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What is a cable free ion chamber?
- Matt Stayduhar
Pittsburgh, PA, United States
An ion chamber is a device used to measure radioactivity. It does
this with a volume of gas and has a high voltage applied from one end
of the chamber to the other. If a high-energy particle, such as an
electron, or more exotic particles from cosmic rays, passes through the
chamber, it will knock a few electrons free from the molecules of gas
within the chamber. The molecules missing some of their electrons are
positively charged ions. The electrons will drift through the gas in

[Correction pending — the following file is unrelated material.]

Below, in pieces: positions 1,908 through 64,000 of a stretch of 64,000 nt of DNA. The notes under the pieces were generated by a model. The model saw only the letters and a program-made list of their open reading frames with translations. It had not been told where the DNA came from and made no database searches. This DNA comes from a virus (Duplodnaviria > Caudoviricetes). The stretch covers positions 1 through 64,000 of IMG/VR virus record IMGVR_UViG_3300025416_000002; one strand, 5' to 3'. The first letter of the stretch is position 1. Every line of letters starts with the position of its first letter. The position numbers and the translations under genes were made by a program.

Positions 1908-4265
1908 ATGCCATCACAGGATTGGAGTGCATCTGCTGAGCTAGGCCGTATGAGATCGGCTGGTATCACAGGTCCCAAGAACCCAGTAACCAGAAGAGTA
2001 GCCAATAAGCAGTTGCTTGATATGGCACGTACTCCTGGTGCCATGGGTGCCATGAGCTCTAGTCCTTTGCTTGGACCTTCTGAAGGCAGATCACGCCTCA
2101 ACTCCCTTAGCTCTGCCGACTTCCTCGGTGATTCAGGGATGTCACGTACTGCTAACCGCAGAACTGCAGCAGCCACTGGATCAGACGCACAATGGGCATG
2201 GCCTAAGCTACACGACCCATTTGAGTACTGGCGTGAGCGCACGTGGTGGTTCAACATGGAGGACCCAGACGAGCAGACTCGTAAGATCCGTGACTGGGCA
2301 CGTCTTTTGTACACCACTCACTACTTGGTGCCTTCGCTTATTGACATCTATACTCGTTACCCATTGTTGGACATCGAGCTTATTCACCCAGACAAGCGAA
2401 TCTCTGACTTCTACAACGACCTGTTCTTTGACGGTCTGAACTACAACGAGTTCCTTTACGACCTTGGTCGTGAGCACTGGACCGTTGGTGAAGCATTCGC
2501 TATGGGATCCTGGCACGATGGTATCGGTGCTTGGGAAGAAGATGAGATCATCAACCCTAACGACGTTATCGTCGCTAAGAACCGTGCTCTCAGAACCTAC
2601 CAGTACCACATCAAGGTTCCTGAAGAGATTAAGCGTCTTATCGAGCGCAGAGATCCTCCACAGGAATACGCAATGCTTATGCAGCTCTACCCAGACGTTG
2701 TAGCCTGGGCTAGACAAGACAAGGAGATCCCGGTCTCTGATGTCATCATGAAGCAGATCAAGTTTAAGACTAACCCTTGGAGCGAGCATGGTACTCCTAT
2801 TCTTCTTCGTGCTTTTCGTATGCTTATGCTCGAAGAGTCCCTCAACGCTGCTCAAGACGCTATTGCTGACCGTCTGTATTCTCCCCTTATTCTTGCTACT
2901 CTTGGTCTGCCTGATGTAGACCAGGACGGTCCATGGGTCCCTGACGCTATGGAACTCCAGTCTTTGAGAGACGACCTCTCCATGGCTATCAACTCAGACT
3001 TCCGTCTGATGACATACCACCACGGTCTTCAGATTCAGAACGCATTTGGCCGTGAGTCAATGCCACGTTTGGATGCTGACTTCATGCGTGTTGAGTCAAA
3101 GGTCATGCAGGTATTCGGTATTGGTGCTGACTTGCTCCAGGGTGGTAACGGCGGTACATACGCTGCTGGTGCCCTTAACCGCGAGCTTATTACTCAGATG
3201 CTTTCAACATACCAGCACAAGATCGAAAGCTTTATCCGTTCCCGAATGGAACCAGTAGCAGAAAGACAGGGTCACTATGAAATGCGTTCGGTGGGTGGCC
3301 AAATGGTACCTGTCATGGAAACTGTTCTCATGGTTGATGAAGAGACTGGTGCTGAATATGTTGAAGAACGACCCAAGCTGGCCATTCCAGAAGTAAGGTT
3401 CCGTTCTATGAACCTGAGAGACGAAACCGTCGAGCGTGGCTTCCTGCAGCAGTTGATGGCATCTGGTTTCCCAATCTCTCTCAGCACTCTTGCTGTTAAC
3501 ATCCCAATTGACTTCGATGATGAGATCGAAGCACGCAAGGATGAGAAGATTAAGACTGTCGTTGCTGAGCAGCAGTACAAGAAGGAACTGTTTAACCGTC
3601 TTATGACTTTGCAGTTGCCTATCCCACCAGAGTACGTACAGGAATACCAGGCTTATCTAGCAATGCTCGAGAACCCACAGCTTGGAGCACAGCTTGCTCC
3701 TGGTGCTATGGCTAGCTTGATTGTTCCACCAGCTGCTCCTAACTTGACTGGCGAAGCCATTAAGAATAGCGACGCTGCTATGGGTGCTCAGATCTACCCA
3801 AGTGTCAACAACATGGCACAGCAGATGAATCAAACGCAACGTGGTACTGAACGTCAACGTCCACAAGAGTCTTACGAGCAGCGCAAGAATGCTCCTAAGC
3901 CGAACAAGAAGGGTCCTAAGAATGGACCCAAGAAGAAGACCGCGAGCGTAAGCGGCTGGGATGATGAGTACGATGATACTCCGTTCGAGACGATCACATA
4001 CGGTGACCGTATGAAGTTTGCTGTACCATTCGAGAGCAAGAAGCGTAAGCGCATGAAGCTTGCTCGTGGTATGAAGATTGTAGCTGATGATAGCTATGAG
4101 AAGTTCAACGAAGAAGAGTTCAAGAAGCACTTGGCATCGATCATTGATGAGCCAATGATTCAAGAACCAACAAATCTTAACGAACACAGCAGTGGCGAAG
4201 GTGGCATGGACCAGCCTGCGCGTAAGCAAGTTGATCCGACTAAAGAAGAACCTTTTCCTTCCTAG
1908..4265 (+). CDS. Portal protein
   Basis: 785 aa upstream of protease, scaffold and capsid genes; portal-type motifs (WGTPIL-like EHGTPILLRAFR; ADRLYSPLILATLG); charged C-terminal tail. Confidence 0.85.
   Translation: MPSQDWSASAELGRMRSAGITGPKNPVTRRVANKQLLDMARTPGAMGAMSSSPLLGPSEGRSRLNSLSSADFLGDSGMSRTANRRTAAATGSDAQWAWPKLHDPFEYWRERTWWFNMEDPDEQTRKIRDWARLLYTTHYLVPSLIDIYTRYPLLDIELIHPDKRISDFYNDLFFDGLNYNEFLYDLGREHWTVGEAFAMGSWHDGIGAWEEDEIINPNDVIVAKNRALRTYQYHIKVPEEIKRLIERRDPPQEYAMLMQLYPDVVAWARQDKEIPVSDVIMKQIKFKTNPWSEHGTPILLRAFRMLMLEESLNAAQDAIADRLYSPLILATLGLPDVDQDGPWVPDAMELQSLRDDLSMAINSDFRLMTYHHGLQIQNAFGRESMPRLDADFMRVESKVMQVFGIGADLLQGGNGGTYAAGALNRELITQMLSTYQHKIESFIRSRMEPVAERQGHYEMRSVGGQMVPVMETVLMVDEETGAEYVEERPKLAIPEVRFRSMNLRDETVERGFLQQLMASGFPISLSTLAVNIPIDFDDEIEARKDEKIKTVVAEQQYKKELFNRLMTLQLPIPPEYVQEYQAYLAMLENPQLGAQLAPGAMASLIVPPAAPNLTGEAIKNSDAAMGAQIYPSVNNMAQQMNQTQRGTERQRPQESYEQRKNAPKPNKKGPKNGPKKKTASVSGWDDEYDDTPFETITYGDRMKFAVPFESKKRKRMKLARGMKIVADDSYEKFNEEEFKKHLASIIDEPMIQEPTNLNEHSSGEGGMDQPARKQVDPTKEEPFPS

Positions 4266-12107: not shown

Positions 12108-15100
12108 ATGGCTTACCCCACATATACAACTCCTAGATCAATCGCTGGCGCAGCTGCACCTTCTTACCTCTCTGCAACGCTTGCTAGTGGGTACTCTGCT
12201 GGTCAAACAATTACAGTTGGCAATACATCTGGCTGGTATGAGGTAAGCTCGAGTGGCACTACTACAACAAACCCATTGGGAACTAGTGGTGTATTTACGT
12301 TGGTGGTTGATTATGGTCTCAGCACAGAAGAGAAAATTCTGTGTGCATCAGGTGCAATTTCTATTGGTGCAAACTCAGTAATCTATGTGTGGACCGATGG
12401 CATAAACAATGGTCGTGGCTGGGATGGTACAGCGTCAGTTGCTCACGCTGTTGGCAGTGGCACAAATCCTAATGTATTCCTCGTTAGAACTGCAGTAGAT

the electric field (and the ions will drift in the opposite direction)
towards the charged plates or wires on the ends. If the voltage is high
enough, the electrons will pick up enough speed on their way to knock
more electrons off of more gas molecules, amplifying the signal in a
process known as an "avalanche." Sensitive electronic amplifiers read
out the signals on the plates or wires and counters count how many of
these signals are received in a particular amount of time. These count
rates indicate the level of radioactivity. I imagine a cable-free one
simply does not have an external connection for the required high
voltage. Many of the portable ones have their own internal high-voltage
These are used in radon surveys, maintaining airport search
equipment, and anywhere the detection of energetic particles is needed.
(published on 10/22/2007)
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